But look at the beginning of the article, “A Festival of Blights.” Apparently Christmas trees are impacted by global warming and the migration of blights. Just like other crops. It is a very disheartening read. I especially feel for farmers who have devoted their lives to Christmas Tree farming.
Here is what I recommend: visit your local Independent Nursery (as in, not a box store). Talk with them about live evergrren trees. Let them know you might be interested for next year. And then support your neighborhood business (or ok, Fire Department, but do at least Talk with your Nursery) and buy a cut tree this year
It just seems like the most environmentally and economically viable option for our North American growers.
I have been doing some concurrent research on American Holiday traditions (which essentially are European) and I come across something in a book, which is validated here... Back before the Civil War, Sassafras branches were used by the Pennsylvania Dutch as their Christmas trees: http://www.examiner.com/article/pa-dutch-holiday-traditions.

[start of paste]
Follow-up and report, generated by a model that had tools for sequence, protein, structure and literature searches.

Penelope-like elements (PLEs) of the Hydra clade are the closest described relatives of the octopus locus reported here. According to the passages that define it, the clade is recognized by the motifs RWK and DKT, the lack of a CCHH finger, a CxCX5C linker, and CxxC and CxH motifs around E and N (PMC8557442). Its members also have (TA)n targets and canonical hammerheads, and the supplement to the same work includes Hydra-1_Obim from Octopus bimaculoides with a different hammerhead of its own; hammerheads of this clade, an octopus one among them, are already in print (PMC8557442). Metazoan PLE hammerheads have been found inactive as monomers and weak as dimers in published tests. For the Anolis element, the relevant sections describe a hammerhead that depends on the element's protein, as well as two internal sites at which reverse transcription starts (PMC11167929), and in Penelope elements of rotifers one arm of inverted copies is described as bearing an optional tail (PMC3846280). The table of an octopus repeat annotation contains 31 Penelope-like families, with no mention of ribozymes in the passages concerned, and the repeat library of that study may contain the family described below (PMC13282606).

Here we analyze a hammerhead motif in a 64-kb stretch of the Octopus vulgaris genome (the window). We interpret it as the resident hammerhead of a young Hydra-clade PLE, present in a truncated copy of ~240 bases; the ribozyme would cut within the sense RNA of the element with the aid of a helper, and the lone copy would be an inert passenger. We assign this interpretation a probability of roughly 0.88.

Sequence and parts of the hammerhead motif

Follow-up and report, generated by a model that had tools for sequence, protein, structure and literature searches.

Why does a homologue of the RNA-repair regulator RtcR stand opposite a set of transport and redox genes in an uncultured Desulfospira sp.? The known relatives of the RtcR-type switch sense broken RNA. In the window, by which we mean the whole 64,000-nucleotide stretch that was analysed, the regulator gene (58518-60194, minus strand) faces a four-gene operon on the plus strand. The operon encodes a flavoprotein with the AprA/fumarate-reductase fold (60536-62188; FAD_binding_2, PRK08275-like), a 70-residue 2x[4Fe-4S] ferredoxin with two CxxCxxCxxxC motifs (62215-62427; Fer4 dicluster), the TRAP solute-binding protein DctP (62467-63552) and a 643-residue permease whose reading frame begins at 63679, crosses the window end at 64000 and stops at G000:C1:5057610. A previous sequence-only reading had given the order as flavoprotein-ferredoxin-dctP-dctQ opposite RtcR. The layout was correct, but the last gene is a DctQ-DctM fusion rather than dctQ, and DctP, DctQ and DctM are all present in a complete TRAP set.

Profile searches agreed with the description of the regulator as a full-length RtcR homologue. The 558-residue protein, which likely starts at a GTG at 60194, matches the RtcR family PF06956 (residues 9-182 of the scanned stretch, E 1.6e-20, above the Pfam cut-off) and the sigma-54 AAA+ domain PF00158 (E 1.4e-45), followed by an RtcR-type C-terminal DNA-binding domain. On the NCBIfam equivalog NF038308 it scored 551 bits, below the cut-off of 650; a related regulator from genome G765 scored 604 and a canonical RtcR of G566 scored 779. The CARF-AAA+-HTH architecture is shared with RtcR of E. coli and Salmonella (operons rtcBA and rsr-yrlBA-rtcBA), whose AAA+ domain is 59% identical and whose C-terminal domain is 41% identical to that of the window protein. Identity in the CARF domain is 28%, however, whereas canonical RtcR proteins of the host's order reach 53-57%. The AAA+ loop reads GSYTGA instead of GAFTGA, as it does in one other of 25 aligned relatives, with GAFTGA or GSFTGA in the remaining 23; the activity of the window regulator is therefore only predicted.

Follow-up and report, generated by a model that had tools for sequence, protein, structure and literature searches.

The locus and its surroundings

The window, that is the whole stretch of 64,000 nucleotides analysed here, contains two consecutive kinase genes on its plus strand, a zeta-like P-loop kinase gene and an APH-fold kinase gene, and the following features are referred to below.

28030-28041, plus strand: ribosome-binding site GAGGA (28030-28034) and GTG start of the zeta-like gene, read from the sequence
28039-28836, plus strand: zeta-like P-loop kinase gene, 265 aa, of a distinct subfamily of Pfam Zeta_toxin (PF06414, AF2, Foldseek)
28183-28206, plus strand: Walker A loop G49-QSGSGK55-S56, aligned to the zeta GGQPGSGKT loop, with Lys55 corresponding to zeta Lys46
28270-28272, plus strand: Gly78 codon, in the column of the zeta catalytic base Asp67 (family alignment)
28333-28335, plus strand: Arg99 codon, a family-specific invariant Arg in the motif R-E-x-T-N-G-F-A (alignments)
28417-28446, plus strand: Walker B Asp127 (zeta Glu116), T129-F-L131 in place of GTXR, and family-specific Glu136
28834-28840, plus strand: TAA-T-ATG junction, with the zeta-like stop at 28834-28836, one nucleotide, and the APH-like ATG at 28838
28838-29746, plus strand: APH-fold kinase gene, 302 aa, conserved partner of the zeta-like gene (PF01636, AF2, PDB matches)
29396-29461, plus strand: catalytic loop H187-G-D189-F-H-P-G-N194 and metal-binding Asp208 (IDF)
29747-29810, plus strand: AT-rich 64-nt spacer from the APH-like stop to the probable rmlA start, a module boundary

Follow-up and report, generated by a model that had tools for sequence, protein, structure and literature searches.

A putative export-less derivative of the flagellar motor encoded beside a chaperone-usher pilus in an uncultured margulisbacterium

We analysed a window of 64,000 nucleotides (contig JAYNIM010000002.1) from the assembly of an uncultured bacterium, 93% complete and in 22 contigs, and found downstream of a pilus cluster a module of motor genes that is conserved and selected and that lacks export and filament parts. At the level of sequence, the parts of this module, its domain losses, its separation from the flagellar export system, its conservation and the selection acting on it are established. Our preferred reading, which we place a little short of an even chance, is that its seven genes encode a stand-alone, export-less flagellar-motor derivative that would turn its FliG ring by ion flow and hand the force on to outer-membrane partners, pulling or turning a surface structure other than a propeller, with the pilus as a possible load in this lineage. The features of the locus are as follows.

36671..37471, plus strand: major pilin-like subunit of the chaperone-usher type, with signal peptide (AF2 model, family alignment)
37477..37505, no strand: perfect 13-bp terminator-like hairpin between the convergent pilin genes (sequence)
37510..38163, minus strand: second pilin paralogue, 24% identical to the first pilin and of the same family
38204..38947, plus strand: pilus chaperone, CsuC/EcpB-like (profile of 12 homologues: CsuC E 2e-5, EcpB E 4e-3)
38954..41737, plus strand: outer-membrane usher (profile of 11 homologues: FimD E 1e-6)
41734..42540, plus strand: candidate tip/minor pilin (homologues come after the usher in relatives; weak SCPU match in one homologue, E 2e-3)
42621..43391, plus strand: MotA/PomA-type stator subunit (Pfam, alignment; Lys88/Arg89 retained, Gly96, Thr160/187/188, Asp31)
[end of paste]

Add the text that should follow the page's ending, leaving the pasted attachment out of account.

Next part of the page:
Now, if any one wants one of those, Sassafras trees are growing happily in my back yard. Leave a comment, and you too could have a traditional branch. In the Spring, I will be happy to give a starter plant to any one who is willing to give transplanting them a try.
Happy Holidays to all.
Hopefully, I will get back with a short list of Suggested Gifts for the Native Gardener. However, time grows short, just like the days. If not, look for a blog in January about what you might want to do now that you returned that ugly holiday sweater.